Good question! I actually don’t know the answer to that. I don’t know his name, but I know John had the idea. He wanted a photo that portrayed hectic-ness. I don’t know what the word is – just fast paced in the moment kind of thing! I don’t know his name, but I think he’s a rapper or something like that. He’s from Australia. I think that’s who the photo is of. When John first gave us the idea, he’s like, “I want this,” and he showed us a photo. It might have just been a selfie where he moved really quickly. We were like, “What are you talking about?” [Laughs] Then he’s like, “Trust me! Trust me!” Once we finally took the photo it made more sense. Once you get the music with it you’re like, “Ok, I get it now.”
We’re talking about the band. There was a moment you thought that this was the final Trophy Eyes record. At what point did you agree and say, “Ok, let’s move forward.” What about the reception to this album caused that?
I don’t know! I think when we were writing it, we were like, “We don’t want to stop this anymore! We want to keep doing this!” Although, it comes down to if we released the album and people weren’t too interested, we weren’t going to bust our ass trying to tour it again. The whole two years of COVID set us back from where we were in 2019 with the new album. It really came down to reception, but, yeah, all our team and the industry started saying, “Yeah, this is the one guys! You’ve done well!” Once the first single came out, everyone was saying the same thing. Usually, and especially on YouTube comments where you release a video and there are heinous comments, people are really ruthless! “You guys are shit! You were better in 2013”! Ok? Cool. We noticed there weren’t any of those [in 2023], so we’re like “Oh, damn! This might be a thing here!” Then as the singles kept coming out, the same thing. I guess we have to keep going for sure!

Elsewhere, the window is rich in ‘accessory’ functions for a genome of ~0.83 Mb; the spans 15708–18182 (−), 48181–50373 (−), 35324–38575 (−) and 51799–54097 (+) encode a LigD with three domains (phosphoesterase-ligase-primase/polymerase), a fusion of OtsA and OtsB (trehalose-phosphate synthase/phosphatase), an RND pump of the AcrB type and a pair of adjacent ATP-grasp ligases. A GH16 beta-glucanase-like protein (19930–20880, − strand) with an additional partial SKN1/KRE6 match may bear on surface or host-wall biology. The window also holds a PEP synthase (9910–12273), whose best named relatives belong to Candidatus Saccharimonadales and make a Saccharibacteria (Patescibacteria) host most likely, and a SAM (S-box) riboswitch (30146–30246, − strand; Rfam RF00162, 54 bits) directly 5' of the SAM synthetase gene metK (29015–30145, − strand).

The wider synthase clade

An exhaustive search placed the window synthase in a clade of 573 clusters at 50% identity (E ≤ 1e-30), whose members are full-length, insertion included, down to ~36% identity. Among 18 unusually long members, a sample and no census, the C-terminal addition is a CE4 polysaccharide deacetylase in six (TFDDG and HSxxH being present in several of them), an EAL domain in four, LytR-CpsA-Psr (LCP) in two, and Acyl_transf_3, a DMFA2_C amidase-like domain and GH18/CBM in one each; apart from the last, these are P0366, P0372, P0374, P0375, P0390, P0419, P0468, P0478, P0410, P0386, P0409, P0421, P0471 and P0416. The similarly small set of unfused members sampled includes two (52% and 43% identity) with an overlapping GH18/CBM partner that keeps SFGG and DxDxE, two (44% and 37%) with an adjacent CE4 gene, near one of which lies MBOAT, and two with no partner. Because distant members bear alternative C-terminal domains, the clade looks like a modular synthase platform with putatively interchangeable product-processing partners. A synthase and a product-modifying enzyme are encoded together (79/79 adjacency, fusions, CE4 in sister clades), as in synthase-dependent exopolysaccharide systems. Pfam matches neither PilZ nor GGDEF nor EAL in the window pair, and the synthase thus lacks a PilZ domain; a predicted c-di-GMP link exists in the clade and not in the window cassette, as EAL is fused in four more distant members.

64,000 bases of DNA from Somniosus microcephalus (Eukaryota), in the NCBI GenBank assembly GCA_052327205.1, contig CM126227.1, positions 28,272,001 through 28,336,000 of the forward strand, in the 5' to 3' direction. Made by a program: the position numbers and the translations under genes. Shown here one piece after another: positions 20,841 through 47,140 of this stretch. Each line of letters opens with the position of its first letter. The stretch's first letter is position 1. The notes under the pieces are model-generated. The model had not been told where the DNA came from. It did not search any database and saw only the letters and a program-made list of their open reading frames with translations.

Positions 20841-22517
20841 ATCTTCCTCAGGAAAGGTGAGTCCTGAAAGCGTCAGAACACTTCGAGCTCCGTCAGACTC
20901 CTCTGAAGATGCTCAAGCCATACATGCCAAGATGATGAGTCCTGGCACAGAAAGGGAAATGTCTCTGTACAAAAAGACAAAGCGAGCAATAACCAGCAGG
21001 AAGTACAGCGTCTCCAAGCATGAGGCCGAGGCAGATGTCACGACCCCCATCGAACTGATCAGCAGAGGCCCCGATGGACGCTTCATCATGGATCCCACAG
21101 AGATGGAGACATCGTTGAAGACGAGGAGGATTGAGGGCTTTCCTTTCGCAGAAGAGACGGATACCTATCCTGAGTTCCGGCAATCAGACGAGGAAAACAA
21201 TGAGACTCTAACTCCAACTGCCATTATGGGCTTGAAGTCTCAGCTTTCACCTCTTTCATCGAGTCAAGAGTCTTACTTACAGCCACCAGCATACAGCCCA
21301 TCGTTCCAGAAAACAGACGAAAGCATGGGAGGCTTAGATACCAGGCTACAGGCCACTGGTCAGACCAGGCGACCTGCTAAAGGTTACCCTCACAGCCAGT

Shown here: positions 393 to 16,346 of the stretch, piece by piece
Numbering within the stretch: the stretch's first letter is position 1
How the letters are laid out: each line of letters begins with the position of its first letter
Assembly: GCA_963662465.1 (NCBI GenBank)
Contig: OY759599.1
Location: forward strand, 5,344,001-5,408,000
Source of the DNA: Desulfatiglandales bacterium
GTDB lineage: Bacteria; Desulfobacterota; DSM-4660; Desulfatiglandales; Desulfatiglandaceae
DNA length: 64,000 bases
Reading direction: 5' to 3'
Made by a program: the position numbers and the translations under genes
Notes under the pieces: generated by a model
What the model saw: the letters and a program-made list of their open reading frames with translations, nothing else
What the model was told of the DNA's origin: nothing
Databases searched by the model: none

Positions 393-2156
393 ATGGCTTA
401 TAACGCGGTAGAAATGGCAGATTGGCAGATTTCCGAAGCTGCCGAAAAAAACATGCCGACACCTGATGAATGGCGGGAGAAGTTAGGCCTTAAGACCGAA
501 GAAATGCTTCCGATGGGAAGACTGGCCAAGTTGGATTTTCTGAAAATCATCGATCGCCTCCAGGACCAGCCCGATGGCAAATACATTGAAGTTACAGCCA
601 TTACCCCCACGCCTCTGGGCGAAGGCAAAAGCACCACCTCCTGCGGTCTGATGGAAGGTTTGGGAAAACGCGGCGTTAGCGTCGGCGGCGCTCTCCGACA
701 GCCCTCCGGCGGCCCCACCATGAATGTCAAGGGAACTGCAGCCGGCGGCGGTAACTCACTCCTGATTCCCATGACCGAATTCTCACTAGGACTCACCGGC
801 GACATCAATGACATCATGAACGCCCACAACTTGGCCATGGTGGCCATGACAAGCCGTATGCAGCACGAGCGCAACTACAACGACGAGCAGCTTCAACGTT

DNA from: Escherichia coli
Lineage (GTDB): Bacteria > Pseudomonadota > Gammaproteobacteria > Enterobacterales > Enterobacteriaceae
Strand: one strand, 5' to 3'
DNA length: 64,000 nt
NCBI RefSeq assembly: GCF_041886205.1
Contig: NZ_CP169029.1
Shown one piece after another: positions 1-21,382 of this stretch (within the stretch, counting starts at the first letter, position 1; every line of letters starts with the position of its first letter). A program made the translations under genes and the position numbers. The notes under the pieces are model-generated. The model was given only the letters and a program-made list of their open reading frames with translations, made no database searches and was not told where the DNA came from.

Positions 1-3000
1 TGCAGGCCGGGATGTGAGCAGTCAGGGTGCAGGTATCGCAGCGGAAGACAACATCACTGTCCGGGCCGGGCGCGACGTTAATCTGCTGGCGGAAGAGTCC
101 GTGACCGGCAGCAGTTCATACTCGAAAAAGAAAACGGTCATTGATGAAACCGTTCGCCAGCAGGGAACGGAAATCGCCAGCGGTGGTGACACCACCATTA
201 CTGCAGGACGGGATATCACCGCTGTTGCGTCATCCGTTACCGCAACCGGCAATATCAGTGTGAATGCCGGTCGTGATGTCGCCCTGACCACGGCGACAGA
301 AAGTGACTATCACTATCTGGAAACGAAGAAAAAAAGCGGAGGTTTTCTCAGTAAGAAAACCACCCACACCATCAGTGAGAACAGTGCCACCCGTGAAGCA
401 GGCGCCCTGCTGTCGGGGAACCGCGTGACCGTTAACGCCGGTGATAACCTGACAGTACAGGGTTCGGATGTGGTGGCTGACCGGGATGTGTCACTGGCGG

I hear that. Man, that keyboard courage is a real thing. I agree with what you’re saying. On every single, like on “Kill” or “Life In Slow Motion, all of the Instagram and X [Twitter] comments were just, “Oh my God, they’re back!”
It was really cool to see! So stoked!
Now that you’ve had the chance to play some of these songs live, what was it like? Did you enjoy getting to touch on these new songs?
We did a Metro City headliner [in Australia] and I think the album wasn’t even out when we played the first show on that tour, but it was coming out the week of or something like that and the singles were out. The crowd was very loud for those new songs… like louder than the old songs! “Damn, people are really into this,” we thought. “Life In Slow Motion” seems to be the fan favorite right now. In that bit where it’s really quiet and down we don’t even sing that bit, we say, “You guys sing, let’s go!” And, damn, they’re getting loud!
That part is big especially because it builds into that outro. I imagine when you’re performing that it is almost emotional at that point.
Absolutely! I remember we sold out The Northcote Theater in Melbourne and I think it’s like 1,500 people or something. I remember that finally selling out and doing the set was very emotional. “We made it, boys. We’re back.” Really cool.
I know we’re still only half a year in, but have you guys gotten together to jam at all? Any ideas of songwriting or is it too early to tell?
We’ve definitely been floating some ideas. We haven’t really been able to get together. We just finished a regional Australian tour. During that tour we were doing a thing called Triple J’s Like A Version, which is grabbing someone else’s song and reworking it as your own kind of thing. We did that, and then once we come back, we’re about to start writing ,but John’s gone overseas until next year. [He’s] just doing some of his own stuff. Come January when we’re back in the same country again we might try and get back together and bang something out.
I also know that you guys did a US tour in the spring. It was before the record dropped. Now that the record’s out, do you have any plans to tour the new songs in the states? Aquarian being New Jersey based, I have to ask!